Dads and Dyslexia
Updated: Jul 29, 2019
by Mike Sexton
My son is an exceptionally bright boy. He is precocious, inquisitive, busy and gregarious. He loves to be the center of attention and he loves to make people laugh. He struggles sometimes with saying the wrong thing with the intent of making someone laugh. My son is me.
You see, about three years ago I sold my business and became a stay at home dad. My wife’s travel schedule and having a kiddo, it just made sense. My job: keep up the house, take care of the kid, keep him on his education path towards his epic destiny of being the best CEO of some multi billion dollar company.
We noticed he struggled with writing and with spelling, but my handwriting is so bad that doctors look at it and laugh. Spelling? Yeah, I should have a spell check tattoo I use it so much. He also can read like no one’s business. A voracious reader. He also has a very strong vocabulary. Stronger than most kids his age. You see, my wife and I take him with us to nice restaurants, our trips to places that aren’t typical family vacations, etc. We speak to him as an adult.
We spoke to his teacher and she said boys typically don’t develop as quickly in the writing and spelling department. Nothing to be worried about. He is smart, he reads well, it’s just handwriting and memorizing spelling. I worked with him every day. We spent one to two hours each afternoon working on his hand writing and spelling. Some days were good, some where bad. Some were him crying and me yelling. I thought he wasn’t trying. I thought he wasn’t paying attention. It would take two hours to write ten 7 or 8 word sentences. Full of mistakes, poor handwriting, etc.
We hired tutors. We bought workbooks. We took him to tutoring centers. His math was skyrocketing. His spelling and handwriting? Not so much. But he could read really well, so dyslexia wasn’t on our mind. When he really concentrated and put in the work, he could spell just fine and had decent handwriting. He was simply lazy. I said this for two years with my wife. We complained to the school. We talked to a number of people. My son, who is just like me, isn’t dyslexic, he just doesn’t try very hard on his school work. I was the same way.
Then my wife suggested we test him, just to see.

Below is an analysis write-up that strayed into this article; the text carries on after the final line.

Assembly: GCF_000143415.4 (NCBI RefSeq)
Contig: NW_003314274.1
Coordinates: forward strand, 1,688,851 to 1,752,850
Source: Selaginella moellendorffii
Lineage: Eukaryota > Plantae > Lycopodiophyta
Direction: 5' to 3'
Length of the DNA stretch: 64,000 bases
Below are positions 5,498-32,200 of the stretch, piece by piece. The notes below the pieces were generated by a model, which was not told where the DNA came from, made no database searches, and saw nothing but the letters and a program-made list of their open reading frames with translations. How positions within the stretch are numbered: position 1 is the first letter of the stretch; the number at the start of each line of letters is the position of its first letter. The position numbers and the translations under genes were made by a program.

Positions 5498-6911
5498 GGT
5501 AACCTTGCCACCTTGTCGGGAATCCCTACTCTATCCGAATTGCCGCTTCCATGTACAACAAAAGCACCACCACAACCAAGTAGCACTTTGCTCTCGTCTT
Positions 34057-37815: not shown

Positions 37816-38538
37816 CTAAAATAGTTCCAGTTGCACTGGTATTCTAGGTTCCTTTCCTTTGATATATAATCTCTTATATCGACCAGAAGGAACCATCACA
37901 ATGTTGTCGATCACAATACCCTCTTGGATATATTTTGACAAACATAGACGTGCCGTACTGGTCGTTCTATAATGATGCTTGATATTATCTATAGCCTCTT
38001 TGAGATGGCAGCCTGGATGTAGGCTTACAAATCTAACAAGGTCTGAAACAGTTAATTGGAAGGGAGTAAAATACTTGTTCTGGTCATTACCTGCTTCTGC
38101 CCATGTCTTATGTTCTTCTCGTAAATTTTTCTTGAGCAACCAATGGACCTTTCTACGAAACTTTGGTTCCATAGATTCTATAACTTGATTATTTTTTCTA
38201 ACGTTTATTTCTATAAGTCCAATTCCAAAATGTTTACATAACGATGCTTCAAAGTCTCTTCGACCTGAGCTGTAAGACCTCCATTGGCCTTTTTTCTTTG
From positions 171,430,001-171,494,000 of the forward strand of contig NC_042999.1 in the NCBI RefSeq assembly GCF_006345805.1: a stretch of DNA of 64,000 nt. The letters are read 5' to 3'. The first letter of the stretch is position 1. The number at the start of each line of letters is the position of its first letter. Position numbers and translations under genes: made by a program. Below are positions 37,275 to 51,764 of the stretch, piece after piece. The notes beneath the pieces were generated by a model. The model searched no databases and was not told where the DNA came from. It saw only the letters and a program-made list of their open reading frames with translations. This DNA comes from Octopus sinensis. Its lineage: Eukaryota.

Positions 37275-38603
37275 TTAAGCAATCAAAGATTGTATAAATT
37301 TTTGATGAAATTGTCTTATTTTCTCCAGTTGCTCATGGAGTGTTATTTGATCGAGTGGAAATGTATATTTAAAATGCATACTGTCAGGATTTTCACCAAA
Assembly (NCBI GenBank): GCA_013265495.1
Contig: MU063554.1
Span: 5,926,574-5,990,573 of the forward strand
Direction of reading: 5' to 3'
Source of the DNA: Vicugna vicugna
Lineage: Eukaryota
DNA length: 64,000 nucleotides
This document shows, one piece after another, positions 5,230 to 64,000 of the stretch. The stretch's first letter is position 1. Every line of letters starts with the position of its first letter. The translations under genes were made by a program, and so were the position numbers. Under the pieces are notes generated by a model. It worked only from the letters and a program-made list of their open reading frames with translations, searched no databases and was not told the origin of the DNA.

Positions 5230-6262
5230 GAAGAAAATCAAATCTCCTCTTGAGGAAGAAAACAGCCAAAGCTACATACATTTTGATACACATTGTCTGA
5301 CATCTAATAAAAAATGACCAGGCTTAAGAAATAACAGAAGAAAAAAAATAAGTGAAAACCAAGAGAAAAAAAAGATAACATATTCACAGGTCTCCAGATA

See Ty has a problem with sounds. Putting sounds together and writing those sounds. Rules of grammar don’t make sense to him. He also has a level of dysgraphia. I was shocked. I didn’t realize there was varying degrees of dyslexia. I didn’t realize that I had been crushing his spirit, his self confidence and his ability to interact well with others. I was constantly on him. I didn’t believe him. My son is not going to be some lazy man. My job as a father is to raise my son right! I’m from West Texas, there are expectations. I just thought I needed to be harder on him.
I cried. You don’t know me. I’m 6 ft, 250, former rugby player, West Texas football player, who grew up eating mayonnaise sandwiches because we didn’t have meat. I cried because I didn’t understand. What did I do to my son? My goal to make him a man, crushed him. Dyslexia isn’t something easy to understand. Kind of like being a stay at home father. It doesn’t make sense because it isn’t the norm. Once we knew what his issue was, we started to fix it. The yelling yielded to different conversations. Understanding, that he has to solve problems a different way. That “Take Flight” was going to help him decode sounds and spelling. That there are things that he will be allowed to help make homework more manageable.
That he could grow up and be a successful man with Dyslexia like so many other famous billionaires. As a father it is extremely worrisome to have a child that is different. Knowing how other kids treat differences. The funny thing is, my son became empowered. He knows why he struggles and he knows he is fixing it. I learned patience, different ways to look at problems and most importantly, I learned what my son needs from his father, and can truly provide it. Dyslexia has become an amazing gift for my family. Batteries not included.
Mike Sexton is a parent advocate for Ty, and we are honored to share his story with you.